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Got FDNY summons? Why you should not ignore it!

Moving into a new location to operate your business?


Take a sneak peak at what might come if you move into a property without doing your due diligence on existing building violations or if the building is constructed according to code for your needs.


A little background info


New York City Department of Buildings (NYC DOB), Fire Department of New York (FDNY), and other regulatory authorities regularly do inspections on commercial buildings and make sure that they are operating under full code and safety compliance.


This is very important - remember the explosion that took out Pommes Frites and left many injured and dead down in the east village? This was a result of a serious fire code violation - the owner attempted to make an illegal gas split, which leaked and exploded. The city and fire department are very serious about preventing such tragedies, and this is why compliance is extremely important and violations are extremely expensive.


We recently got in touch with a moving company which had moved into a warehouse and started their operations, without understanding the implications of "just move and operate" without doing due diligence to be sure their operation was allowable by code.


A sample FDNY summons

FDNY summons for improper storage of explosive gases
FDNY summons for improper storage of explosive gases

What happened next?


The moving company got 4 summonses from FDNY over 90 days. The most serious one was due to their improper storage of propane for their forklifts- the summons was for storing and handling explosive gases, a violation of a very important safety regulation under New York City Fire Code (Fire Code/FC 2301). Although our client unknowingly or unwillingly started operating in violation, it doesn't matter, FDNY will still shut your operation down either way.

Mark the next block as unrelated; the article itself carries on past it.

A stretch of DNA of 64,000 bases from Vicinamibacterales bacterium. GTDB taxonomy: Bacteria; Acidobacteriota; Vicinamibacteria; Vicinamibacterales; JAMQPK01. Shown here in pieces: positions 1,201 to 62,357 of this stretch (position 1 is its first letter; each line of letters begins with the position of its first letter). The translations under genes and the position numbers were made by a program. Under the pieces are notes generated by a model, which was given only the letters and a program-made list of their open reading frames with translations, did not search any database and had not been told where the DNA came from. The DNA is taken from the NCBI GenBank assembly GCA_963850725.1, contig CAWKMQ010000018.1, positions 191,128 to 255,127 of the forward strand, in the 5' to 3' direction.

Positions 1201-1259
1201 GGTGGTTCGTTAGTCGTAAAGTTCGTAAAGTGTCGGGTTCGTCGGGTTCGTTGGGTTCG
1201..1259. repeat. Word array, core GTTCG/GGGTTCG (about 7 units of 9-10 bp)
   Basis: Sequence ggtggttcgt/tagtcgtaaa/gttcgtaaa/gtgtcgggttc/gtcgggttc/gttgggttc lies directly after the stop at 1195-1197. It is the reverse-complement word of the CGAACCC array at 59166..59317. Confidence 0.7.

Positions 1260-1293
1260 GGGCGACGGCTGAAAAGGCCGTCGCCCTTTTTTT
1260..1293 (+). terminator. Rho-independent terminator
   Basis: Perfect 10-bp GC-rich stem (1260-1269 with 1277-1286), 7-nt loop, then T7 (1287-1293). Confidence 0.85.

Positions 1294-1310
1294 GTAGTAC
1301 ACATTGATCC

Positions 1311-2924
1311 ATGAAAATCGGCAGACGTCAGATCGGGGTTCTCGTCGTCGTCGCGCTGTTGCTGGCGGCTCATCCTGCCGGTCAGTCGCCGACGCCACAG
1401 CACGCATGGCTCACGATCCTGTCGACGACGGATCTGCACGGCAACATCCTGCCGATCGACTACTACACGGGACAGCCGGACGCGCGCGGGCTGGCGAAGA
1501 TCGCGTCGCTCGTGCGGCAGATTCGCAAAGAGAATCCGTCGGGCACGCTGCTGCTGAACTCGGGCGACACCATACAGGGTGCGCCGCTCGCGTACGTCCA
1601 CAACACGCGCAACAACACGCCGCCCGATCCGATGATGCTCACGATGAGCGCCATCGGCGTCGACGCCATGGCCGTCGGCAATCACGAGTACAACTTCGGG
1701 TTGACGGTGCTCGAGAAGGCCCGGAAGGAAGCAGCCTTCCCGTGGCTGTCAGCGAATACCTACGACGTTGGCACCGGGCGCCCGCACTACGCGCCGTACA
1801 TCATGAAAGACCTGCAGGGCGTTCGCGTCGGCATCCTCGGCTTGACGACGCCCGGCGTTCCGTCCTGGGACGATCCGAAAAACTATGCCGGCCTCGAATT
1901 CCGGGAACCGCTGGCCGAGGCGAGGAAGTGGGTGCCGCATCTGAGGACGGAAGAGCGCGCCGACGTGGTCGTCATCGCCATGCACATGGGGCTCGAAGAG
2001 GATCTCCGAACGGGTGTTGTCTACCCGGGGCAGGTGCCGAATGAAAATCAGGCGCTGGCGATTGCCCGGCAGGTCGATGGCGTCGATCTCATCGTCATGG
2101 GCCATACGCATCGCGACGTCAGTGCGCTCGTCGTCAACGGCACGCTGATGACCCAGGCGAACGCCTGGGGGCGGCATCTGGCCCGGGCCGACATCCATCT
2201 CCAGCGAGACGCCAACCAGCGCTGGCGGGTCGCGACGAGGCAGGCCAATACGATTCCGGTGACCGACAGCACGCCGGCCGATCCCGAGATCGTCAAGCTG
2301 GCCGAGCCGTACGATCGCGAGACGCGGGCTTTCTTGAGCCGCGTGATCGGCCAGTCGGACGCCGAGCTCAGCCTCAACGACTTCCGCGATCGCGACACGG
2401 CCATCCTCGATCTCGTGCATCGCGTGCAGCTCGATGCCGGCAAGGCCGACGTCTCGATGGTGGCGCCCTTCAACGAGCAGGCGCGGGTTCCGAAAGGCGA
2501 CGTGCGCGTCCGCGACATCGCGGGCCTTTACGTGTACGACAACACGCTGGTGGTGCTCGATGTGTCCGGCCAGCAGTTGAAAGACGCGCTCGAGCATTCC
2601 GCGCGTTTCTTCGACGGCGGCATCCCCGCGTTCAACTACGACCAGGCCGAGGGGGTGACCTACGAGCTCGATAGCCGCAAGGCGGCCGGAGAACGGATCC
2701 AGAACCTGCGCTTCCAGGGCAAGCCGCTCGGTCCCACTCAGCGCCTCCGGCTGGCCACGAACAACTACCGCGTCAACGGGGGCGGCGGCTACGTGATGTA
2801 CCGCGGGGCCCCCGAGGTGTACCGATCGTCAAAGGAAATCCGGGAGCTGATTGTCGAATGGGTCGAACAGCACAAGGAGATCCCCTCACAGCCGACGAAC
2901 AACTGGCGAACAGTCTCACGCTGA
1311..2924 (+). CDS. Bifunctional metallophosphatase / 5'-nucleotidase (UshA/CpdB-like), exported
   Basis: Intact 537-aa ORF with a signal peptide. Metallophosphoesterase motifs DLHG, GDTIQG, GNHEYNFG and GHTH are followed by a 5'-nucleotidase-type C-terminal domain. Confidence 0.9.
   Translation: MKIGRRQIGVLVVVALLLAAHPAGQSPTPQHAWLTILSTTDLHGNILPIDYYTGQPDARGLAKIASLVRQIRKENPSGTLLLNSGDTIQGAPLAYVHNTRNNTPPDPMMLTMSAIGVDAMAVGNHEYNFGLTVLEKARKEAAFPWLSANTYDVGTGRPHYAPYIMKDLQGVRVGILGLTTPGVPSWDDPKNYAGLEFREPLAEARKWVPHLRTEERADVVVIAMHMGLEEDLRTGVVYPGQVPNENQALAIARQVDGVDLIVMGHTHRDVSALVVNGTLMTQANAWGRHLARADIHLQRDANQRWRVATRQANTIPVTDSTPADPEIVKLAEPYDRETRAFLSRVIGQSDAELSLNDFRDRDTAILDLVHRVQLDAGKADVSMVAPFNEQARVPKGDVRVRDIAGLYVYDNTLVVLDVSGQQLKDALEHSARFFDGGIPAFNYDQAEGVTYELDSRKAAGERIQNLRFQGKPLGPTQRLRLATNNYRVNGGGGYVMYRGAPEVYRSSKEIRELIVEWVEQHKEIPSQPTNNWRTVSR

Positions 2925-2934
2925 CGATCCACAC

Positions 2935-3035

The moving company had no choice but to stop operating their forklifts and other equipment at the location for 90 days, resulting in a huge loss of revenue. During this time, they approached us to help them through the complex process of updating a commercial building - in this case, a warehouse - up to code.


How did we help?


We helped them every step of the way. First, we made a site visit and LiDAR scan in order to develop a model of existing building conditions. This allowed us to assess if there were any additional code violations that they might have to contend with later on down the road. Better to do it now and only pay once, than to have to assess later on and pay again! Luckily for them, they had no further code violations in the building.


The next step was creating a design for the correct storage of the propane tanks. Using our knowledge of NYC codes, we designed the correct storage system with the minimum amount of changes they'll need to make in order to comply with city requirements. After the client approved the minimum design (aka concept design), we add more details that the city needs in order to approve (permit design). We gave the design to our architect to do all the code calculations and put their stamp to show that the plans are correct and safe.


As we waited for the city to approve the design, we searched for a good contractor on behalf of the client. While contractors can give quotes based on what they see in the permit set, many contractors require a construction set - which shows all the minute details of exactly how to construct the project and the accompanying material list.


Making a construction set might seem overkill to you.... But which would you prefer- a contractor guessing about how your project should be constructed, maybe getting it wrong, and failing the city inspection - leading to even more opportunity costs? Or your contractor confidently moving forward, constructing exactly as the architect intends, and the city approving the project on the first inspection?


We studied the impact of the way the client handled moving into the new space, and concluded that they took losses of more than 300k dollars. All this could have been easily handled if the moving company had just approached a designer and did the necessary changes according to code before moving into the building. All that could have cost under 50k.


A simple yet powerful lesson for business owners in NYC.









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